AAA authorization lets you control the network services available to each user and helps restrict access to internal networks. Authorization also lets you specify which Cisco IOS commands a user can issue on specific network devices. It also lets mobile users connect to the closest local connection and still have the same access privileges they would have if they were directly connected to their local networks.
You can configure the network access server to control user access to the network so that users can perform only certain functions after successful authentication, such as controlling EXEC access. As with authentication, authorization can be used with either a local security database on the network access server or a remote security database, as shown in Figure 4-9. The figure also gives an example of authentication controlling network services, Cisco IOS command access, and access to specific networks. The remote security database can cause access lists configured in the network access server to be applied to the authenticated user.
Figure 4-9 Authorization Controls User Access to Networks and Network Services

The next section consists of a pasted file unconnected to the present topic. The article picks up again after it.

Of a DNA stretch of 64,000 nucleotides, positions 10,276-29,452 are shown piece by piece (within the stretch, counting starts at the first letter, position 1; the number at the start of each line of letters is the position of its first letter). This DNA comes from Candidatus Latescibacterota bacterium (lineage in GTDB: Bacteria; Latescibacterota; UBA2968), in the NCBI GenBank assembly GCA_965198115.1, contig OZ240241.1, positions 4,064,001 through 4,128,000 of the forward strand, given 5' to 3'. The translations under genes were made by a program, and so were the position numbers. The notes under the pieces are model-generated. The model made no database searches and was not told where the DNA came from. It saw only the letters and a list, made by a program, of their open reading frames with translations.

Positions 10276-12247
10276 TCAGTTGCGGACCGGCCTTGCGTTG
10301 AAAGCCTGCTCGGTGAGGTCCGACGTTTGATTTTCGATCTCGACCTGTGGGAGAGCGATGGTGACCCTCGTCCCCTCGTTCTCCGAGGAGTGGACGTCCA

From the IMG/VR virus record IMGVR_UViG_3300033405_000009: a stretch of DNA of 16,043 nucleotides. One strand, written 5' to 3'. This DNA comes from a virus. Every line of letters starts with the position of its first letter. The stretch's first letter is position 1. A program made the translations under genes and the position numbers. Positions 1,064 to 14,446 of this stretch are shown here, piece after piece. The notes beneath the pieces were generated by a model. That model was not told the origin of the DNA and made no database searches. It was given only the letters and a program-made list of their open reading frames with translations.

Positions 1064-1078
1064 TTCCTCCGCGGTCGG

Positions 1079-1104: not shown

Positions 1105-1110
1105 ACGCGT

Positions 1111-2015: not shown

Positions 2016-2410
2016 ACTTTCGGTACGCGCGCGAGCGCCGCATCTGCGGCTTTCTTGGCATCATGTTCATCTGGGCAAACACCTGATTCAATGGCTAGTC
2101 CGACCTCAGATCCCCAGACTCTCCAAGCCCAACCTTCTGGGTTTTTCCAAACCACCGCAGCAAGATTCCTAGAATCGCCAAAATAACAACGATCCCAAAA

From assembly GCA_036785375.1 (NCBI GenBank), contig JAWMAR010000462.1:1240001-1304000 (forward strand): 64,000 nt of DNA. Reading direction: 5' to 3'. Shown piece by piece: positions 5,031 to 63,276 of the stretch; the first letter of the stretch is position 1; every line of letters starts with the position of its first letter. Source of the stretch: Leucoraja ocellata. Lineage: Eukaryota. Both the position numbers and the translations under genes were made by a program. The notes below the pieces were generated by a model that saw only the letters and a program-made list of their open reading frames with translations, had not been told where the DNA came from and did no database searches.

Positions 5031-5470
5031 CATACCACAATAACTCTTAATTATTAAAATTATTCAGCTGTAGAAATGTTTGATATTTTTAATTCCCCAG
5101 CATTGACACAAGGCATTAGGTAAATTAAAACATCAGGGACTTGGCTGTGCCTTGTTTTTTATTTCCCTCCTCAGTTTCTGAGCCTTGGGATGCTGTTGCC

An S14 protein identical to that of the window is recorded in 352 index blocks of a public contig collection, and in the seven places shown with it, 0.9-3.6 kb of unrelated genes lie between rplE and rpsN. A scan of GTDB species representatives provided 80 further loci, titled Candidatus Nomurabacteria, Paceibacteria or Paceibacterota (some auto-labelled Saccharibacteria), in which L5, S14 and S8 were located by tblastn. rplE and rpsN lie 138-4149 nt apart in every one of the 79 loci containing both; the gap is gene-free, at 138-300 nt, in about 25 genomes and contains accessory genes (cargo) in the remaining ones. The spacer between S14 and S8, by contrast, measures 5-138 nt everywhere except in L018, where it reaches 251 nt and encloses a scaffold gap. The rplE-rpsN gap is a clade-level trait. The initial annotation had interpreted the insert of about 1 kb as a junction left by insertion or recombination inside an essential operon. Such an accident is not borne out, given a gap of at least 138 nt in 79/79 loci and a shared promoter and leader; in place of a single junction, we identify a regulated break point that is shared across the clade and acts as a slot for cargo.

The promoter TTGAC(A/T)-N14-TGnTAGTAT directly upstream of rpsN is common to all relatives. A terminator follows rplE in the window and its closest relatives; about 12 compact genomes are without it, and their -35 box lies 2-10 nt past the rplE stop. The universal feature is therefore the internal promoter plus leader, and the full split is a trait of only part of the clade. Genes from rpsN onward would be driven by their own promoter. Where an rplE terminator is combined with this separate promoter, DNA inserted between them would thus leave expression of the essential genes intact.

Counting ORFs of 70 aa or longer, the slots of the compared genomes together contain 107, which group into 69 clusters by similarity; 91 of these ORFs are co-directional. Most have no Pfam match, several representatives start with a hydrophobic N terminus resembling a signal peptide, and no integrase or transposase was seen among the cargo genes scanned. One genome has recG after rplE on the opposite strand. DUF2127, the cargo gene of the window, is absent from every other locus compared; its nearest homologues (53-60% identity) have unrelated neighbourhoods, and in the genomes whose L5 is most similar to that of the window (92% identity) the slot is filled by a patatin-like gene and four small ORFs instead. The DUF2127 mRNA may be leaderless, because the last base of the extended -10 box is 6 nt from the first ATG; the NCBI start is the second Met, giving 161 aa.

Authorization works by assembling a set of attributes describing what a user is authorized to perform. The attributes are configured in either a local security database on the network access server or a remote security database. When the user wants to gain remote access to a system, the network access server determines and enforces the user's capabilities and restrictions by gathering authentication information from the database.
Authorization can be configured to run for all network-related service requests including IP, IPX, SLIP, PPP, Telnet, and ARAP. It can also be configured to determine whether the user is allowed to run an EXEC shell in a network access server and to specify permitted commands and EXEC privilege levels. Authorization can also be configured to control or restrict access to hosts on the network by using dynamically assigned access lists.
Cisco network access servers are configured to perform authorization by using the aaa authorization commands, which are covered in Chapters 5 and 6. CiscoSecure can also be configured to perform authorization tasks with network access servers. The group and per-user security policies determine how authorization is configured.